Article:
September charity news – Ambitious about Autism

“My sons have a brighter future now”

Alison Reade, 56 from London, explains how Ambitious about Autism helps her autistic sons

Single mum Alison Reade has two autistic sons – Cian, 25, and Conor, 20, but their symptoms are very different. “Whereas Cian never stops talking, Conor has almost no words at all.”

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Alison realised her elder son Cian had behavioural issues when he was three. “His nursery teachers told me he was very disruptive and wouldn’t look anyone straight in the eye. “ When he was five he was diagnosed with autism. “It was a relief to have a diagnosis, but I was really worried for Cian’s future.”

The psychologist suggested moving Cian to a local autism-specific school. “We had misgivings at first, but we knew it was for the best and he settled well.”

By this time, Alison was pregnant with her second son, and began to worry about him. “I remember speaking to one of the mums at school who had two boys with autism, which concerned me.

“However, when Conor was a baby, he seemed to develop as expected. He reached his milestones and started to talk. He’d stand at the door and say ‘outside’ and blow kisses at people to say goodbye.”

However, by the time he was 18 months old, Alison noticed Conor was starting to lose his words and become withdrawn, and by the age of two he was completely non-verbal. “Luckily, as the brother of a child with autism, he was attending a nursery that catered to children with special needs, but I was devastated to be told he had autism as well.”

Conor was unable to attend the same primary school as Cian, due to his complex needs, but was enrolled in a local school for children with severe learning disabilities, where he thrived.

However, when Conor turned 11, he moved up to secondary school and struggled to adjust. “He started to regress. He wasn’t communicating and his behaviour became unpredictable.

“He would bang his head against the floor and lash out at others, hitting and kicking people and biting me on the face. For a while, I was scared and considered sending him to a residential school as it was so upsetting for us all.”

In 2008, Conor’s dad began learning about Applied Behaviour Analysis (ABA) – a technique that has been shown to bring about change in the behaviour of autistic children – and came across Ambitious about Autism’s TreeHouse School, which uses ABA to educate its pupils. “We immediately applied and Conor was offered a place.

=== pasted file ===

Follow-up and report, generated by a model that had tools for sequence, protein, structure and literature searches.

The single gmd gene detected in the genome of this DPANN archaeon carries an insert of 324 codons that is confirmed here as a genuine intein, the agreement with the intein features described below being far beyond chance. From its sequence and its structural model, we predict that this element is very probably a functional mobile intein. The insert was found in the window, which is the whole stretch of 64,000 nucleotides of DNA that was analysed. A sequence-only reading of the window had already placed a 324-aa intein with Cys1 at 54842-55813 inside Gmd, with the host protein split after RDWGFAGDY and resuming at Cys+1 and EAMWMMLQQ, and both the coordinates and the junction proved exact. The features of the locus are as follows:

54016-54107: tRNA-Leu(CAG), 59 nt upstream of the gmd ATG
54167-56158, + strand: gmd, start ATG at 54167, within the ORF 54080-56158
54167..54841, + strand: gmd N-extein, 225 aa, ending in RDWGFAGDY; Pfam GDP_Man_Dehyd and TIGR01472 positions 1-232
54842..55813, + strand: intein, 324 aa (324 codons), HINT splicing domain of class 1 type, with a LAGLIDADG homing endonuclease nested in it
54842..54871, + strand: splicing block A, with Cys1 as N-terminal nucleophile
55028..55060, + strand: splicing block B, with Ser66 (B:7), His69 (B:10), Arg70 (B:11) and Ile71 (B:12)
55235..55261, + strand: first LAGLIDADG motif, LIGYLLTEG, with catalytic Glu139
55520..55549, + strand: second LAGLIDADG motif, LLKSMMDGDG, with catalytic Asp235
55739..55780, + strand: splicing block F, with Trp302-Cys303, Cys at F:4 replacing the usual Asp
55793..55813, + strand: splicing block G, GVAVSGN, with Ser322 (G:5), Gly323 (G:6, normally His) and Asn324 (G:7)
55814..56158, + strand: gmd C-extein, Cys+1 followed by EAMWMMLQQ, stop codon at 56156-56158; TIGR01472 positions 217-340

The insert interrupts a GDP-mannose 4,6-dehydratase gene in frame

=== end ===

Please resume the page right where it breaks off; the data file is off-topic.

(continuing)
“Having the tools to communicate and being around such supportive and knowledgeable staff helped reduce his anger, and I can now give him a cuddle without fear that he’s going to lash out.”

Last September, Conor moved on to the charity’s Ambitious College, which caters for students aged 16-25. “He does lots of activities, including swimming and photography, and they got him some work experience at a local shop too.”

Cian has also been involved with the work of Ambitious about Autism, serving as a youth patron for the charity. “They’ve had him talking about autism in Parliament, and he helped with the National Theatre’s research for The Curious Incident of the Dog in the Night-Time in 2012.

Cian is keen to get more involved with theatre, and is about to embark on a tour to perform his one-man play about his experiences of autism.

“I still worry about Conor’s future – unlike Cian,he is unlikely to ever live independently – but his progress has been great,” says Alison. “Ambitious about Autism helps improve prospects of those with autism on all levels, which is amazing for families like ours.”

Ambitious about Autism – THE FACTS

  • Ambitious about Autism was founded as TreeHouse in 1997.
  • It runs two schools and Talk about Autism – the UK’s largest online autism community.
  • 1 in 100 children in the UK have autism. ● 70 per cent of these children are educated in mainstream schools. 60 per cent of teachers don’t feel trained to teach children with autism.
  • Primary-school pupils with special needs are twice as likely to be bullied.
  • To find out more call 020 8815 5444 or visit


The £7,517 Ambitious about Autism raised will improve the lives of those with autism by campaigning for change and funding a special-needs school that educates more than 80 young people, an Information Service, online community and Ambitious College.

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